Don't try to change culture

Should you try to change culture?

The PMI website has an interesting discussion on Agree or Disagree: Don't Change Culture. I tried to comment but it got weird errors so I'll share my thoughts here.

Don't try to change culture .... overnight. Good leaders do change culture (and bad ones), but it takes years. it's not an immediate fix.

Do try to change behaviour. I know culture can be defined as "The way things are done around here", but I think culutre pertains more to one interpretation of that phrese than to the other: culture is about what we believe should be the behaviour, about why we behave a certain way. The behaviour itself is only an outward manifestation of the culutre and it can be changed more readily. With carrot and stick people will behave differently, and with repetition it becomes entrenched and starts to sink in, to become part of culture. People talk about cultural change when what I think they often mean is behavioural change, which is the immediate business outcome we usually want.

Do try to change climate: the outward and superficial experience of culture. For example you can change a climate of fear or bullying and you should. It can be tough of course but it is essential. It flows from the top: leaders have to set the climate.

From my book Basic Service Management:

    Services are delivered by people for people to people.

    There is no more important factor in service success than people: their culture (behaviours and beliefs), their development, their motivation, and your communication.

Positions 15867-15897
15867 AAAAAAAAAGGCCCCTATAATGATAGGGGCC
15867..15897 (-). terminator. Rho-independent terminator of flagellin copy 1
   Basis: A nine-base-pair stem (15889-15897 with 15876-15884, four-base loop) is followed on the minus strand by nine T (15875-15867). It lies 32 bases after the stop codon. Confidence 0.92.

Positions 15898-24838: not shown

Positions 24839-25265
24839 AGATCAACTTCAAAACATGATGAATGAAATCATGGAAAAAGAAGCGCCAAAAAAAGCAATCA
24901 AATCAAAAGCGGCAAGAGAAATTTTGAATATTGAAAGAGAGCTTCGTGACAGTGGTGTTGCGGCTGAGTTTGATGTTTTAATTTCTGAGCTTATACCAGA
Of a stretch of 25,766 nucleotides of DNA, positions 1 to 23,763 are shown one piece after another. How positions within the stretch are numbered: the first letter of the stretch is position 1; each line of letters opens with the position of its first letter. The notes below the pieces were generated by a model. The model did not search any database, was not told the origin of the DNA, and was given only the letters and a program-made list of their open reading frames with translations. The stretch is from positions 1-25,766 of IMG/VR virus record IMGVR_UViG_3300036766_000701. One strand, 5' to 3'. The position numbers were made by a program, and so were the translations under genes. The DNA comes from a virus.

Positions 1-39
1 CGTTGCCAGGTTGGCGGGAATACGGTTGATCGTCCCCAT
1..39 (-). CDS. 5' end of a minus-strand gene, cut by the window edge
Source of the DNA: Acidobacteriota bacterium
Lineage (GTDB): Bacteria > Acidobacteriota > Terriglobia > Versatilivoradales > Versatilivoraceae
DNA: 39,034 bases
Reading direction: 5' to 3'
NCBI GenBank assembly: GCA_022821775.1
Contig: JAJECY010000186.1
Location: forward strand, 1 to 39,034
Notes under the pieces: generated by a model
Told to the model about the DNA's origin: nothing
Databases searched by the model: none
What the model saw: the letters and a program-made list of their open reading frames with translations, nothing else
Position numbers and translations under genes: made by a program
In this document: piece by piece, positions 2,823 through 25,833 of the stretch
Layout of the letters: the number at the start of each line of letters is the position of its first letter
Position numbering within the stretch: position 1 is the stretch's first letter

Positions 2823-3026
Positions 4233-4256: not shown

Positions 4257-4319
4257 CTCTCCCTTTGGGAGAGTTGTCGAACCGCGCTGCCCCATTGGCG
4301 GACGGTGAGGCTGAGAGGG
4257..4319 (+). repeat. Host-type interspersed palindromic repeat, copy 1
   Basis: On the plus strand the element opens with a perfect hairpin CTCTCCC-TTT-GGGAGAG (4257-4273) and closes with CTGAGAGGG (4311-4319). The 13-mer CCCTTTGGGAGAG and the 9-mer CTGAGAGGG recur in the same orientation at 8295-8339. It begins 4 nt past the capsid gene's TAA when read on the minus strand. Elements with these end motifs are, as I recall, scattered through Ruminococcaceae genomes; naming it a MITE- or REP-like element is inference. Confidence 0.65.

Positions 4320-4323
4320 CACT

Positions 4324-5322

All change to services (new ones, improvements) is change to people: changing their attitudes, their behaviours, their daily practices and habits.

    What is more, successful service providers need staff with a healthy service culture. Unlike products, services touch consumers directly. In order to deliver a service your staff must interact with the consumers.

    It is hard to change the culture of your organisation: the beliefs and habits, “the way things are done around here”. The surface effect of that culture – the “climate” – is easier to change: the practices and habits of people. Over time repeated behaviour and changed attitudes sink in to change the culture. So one way to gradually shift culture is to change the rules and procedures. If you change what people do, you will change how they feel about it and eventually what they believe.

    As well as influencing behaviour, you can also directly influence deeper attitudes, and even the underlying beliefs, through persuasion, education and example. It takes more time and effort but it yields more results.

    Spend a serious chunk of the money allocated for improving service on improving your people: communicate, involve, motivate, consult (pick their brains), communicate, train, incent, communicate, monitor and coach.

    Technology changes at blinding speed these days but people and practices don’t. Real organisational improvement must be incremental and at a human pace. Pushing change too fast breaks culture.

Your views?

Syndicate content